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Appetite. 2018 Jun 1;125:557-565. doi: 10.1016/j.appet.2018.03.007. Epub 2018 Mar 9.

Beverages containing low energy sweeteners do not differ from water in their effects on appetite, energy intake and food choices in healthy, non-obese French adults.

Author information

1
CreaBio-Rhône-Alpes Research Centre, Centre Hospitalier Régional de Montgelas, 9 Avenue Professeur Fleming, F-69700 Givors, France. Electronic address: marc.fantino@creabio-ra.com.
2
CreaBio-Rhône-Alpes Research Centre, Centre Hospitalier Régional de Montgelas, 9 Avenue Professeur Fleming, F-69700 Givors, France.
3
RCTS Ltd, 38 rue du Plat, F-69002 Lyon, France.

Abstract

The usefulness of replacement of caloric sugars by low-calorie sweeteners (LCS) for weight management has been questioned on the grounds that the uncoupling of LCS sweet taste and dietary energy may confuse physiological mechanisms, leading potentially to higher energy and sugar intake. The aim of the present study was to determine whether LCS beverages compared to water, when consumed with meals, differ in their effects on energy and food intake in acute trials and after long-term habituation. Ad libitum food intake of 166 (80 women; 86 men) healthy non-obese adults (BMI between 19 and 28 kg/m2), infrequent consumers of LCS was measured in four 2-consecutive-day testing sessions (Day 1 in the laboratory, Day 2 free-living). During the first 3 sessions, held one-week apart, participants were required to drink either water or commercial non-carbonated LCS lemonade (330 ml) with their main meals (randomised cross-over design). On Day 1, motivational ratings were obtained using visual analogue scales and ad libitum food intakes (amounts and types of foods selected) were measured using the plate waste method. On Day 2, participants reported their ad libitum intakes using a food diary. After Session 3, participants were randomly assigned to the LCS habituation group or to the water control group. The habituation (660 ml LCS lemonade daily vs 660 ml water) lasted 5 weeks. The fourth and final test session measured food intakes and motivational ratings after habituation. Water and LCS beverage did not differ in their effects on total energy intake, macronutrient intakes or the selection of sweet foods and on motivational ratings. Similar results were obtained in both LCS-naïve and LCS-habituated individuals.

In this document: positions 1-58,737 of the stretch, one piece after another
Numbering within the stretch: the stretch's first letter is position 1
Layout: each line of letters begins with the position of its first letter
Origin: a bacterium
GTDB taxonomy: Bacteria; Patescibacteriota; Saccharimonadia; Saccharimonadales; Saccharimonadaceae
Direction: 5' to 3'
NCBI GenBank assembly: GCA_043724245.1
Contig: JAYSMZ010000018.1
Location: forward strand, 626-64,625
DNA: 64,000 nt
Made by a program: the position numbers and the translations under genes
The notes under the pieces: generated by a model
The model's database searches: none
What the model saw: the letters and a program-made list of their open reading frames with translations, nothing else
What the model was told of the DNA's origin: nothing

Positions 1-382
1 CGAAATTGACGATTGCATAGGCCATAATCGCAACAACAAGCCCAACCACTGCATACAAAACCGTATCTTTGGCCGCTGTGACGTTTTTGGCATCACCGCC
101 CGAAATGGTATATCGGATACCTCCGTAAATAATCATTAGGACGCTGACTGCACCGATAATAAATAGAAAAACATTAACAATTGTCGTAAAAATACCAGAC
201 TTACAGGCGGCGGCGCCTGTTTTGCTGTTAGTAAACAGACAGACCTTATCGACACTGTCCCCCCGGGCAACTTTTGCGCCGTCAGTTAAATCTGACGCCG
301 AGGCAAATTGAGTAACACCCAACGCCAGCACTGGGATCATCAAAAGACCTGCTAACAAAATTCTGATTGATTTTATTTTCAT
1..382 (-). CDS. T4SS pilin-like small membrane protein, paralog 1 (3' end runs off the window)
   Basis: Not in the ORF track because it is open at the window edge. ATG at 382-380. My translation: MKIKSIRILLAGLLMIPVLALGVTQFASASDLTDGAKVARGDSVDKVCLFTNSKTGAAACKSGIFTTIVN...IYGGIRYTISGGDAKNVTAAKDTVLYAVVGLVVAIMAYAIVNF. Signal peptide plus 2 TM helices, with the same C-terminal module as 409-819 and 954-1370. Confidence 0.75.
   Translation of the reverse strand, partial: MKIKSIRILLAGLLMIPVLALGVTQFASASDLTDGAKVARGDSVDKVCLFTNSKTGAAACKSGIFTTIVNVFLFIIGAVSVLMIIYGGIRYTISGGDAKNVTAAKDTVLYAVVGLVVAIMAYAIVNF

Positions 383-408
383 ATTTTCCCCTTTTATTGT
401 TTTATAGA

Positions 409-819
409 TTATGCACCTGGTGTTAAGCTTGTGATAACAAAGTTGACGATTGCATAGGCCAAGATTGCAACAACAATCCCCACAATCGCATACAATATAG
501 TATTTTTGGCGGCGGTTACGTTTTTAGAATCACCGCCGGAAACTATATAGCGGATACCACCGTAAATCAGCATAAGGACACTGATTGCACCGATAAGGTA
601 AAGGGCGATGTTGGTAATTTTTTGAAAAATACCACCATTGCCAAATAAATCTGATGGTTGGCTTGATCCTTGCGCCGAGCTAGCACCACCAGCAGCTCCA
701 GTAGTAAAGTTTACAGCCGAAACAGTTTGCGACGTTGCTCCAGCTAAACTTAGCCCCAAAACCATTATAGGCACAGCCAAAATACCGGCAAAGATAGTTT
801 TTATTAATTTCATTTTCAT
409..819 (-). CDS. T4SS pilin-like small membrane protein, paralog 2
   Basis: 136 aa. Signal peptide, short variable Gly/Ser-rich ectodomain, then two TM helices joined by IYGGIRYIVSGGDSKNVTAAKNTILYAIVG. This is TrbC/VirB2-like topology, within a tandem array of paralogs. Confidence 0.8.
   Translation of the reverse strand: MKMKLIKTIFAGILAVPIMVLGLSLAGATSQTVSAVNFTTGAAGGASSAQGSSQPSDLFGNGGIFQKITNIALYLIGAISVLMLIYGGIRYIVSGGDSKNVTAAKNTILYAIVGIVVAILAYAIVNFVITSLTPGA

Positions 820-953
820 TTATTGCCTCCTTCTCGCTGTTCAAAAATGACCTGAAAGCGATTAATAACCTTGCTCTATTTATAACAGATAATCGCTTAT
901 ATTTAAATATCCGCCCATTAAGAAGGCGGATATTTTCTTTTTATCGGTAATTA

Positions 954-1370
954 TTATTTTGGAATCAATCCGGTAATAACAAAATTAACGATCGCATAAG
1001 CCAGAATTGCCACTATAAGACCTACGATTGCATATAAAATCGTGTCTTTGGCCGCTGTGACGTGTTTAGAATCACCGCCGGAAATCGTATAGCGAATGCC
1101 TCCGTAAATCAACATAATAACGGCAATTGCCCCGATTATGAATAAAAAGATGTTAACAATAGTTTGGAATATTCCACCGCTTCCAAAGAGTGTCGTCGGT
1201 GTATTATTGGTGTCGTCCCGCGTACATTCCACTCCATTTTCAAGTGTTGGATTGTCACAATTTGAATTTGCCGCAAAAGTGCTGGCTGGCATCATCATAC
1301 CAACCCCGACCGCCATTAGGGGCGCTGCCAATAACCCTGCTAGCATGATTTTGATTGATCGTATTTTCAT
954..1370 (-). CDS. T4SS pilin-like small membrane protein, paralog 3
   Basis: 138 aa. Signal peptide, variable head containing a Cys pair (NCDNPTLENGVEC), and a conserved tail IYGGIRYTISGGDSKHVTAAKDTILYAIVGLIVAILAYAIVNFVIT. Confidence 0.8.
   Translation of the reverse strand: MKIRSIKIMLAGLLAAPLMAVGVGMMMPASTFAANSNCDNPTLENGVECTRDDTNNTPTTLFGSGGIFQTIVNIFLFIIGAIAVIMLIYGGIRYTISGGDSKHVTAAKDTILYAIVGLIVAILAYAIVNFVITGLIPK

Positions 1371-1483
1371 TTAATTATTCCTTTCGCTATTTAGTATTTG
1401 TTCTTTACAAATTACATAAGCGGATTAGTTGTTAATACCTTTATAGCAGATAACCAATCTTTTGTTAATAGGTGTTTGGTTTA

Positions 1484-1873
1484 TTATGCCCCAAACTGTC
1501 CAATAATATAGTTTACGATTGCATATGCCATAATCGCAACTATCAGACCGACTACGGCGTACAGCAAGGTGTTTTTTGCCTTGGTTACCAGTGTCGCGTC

KEYWORDS:

Energy intake; Human subjects; Low calories sweeteners (LCS); Not habitual LCS users; Sugar intake; Sweet/savory food choices

PMID:
29526693
DOI:
10.1016/j.appet.2018.03.007
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